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ToolboxA little more than five years ago (see “in the news“) IBM announced that it would begin installing and supporting the Linux operating system on its mainframe computers. A lot has happened with Linux and with mainframes since then, but first of all, what is a mainframe? Is it a “main” frame, a main “frame”, or something else? The wikipedia offers a history and perspective on mainframes, but my recollection is slightly different. IBM computers used to be constructed in steel “frames” that would fill a large building — and required a lot of plumbing to provide the circulating water to keep them from overheating. In one of the frames was a “console” — think of it like the keyboard of a PC — which provided many dials and switches — like an airliner cockpit — that enabled the “system operator” to control the computer and tell it what to do. That particular frame was the “main frame”.

Today’s most sophisticated mainframe, the Z9, stands a mere 6 feet 4 inches tall, weighs 3,836 lbs, and occupies a footprint of 27 square feet. I was in the room at the Hotel W last month when the Z9 was announced. It was quite impressive to see the sleek space-age system on stage with the power to replace thousands of separate servers. More than a billion dollars was invested in the engineering and development of the machine.

People have talked about the death of the mainframe for years but after seeing the Z9, you can be sure they are not going away for a very long time. In addition to the Z9, IBM announced an extension of it’s incredibly powerful virtualization engine software. The combination of the new mainframe and the new software will make it possible to turn a real datacenter into a virtual datacenter. This is a really big deal. CEO’s, CIO’s, and CFO’s are making plans to consolidate their datacenters using the new combo because virtual datacenters require fewer people, offer more reliability, and are much less costly to operate. Sounds good, but what is a datacenter and what is a virtual datacenter?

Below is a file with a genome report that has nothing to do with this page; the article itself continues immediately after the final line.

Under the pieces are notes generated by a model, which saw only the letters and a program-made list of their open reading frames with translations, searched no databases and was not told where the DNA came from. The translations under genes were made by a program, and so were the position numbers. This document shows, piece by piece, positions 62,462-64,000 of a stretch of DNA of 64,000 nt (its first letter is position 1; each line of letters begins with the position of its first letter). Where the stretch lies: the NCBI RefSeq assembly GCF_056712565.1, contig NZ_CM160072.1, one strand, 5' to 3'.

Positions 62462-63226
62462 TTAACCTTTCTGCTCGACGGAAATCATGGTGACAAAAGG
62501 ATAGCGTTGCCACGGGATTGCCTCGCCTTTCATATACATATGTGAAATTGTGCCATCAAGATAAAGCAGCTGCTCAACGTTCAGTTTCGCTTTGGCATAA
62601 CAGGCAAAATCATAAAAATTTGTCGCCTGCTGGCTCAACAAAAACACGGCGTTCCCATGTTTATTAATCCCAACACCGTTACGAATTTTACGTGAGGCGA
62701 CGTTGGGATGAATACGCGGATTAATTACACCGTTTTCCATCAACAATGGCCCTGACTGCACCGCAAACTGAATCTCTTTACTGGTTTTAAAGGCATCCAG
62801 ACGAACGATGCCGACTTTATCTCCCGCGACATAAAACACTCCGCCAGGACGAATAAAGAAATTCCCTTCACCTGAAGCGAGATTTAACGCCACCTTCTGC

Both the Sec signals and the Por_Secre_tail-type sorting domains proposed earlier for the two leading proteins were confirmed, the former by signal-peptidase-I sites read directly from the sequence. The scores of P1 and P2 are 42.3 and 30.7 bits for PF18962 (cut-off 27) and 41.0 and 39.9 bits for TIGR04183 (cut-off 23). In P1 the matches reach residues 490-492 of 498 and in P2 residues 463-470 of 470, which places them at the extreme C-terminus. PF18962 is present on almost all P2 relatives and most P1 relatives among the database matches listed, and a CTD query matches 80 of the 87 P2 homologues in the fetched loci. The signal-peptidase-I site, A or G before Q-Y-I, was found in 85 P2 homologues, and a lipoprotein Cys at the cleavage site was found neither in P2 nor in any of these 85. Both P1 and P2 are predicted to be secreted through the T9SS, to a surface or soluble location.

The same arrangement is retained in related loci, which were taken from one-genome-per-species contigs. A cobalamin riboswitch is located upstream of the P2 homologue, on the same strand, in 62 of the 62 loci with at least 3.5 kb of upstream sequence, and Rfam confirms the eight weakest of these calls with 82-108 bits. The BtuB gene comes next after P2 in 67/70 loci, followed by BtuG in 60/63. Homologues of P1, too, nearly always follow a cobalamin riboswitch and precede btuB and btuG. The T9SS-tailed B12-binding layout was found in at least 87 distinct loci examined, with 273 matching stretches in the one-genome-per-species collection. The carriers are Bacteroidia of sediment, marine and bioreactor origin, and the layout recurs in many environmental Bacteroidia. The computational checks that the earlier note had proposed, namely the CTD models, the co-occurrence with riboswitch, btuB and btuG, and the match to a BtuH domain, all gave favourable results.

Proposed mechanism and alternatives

When you visit the web site of a company and click on something, a server in a datacenter somewhere gets the job of finding the web page or process you requested and delivering it to your browser over the Internet. A simple protocol called http (hyper text transfer protocol) describes exactly how the process works. With one user on the Internet and one server at the other end serving one web page it is quite trivial. With millions of users around the world visiting the web site at unpredictable times and making unpredictable requests for millions of documents, processes and transactions, it can become a nightmare for the people who are managing the datacenter.
The datacenter is the heart and soul of a modern day business. The datacenter is home for servers — computers which “serve” the web pages and processes that customers, business partners, vendors, employees, stockholders, and others are requesting. Ten years ago companies had a web server. Today corporate enterprises have thousands of servers — some have tens of thousands of servers. As new applications are added to the business, new servers get added to the datacenter. As demand grows, new servers get added to the datacenter. As companies grow geographically or through acquisitions, more servers get added to the datacenter. For historical reasons and to protect against disasters, companies and institutions of all kinds end up with multiple datacenters. At one point IBM had more than 100.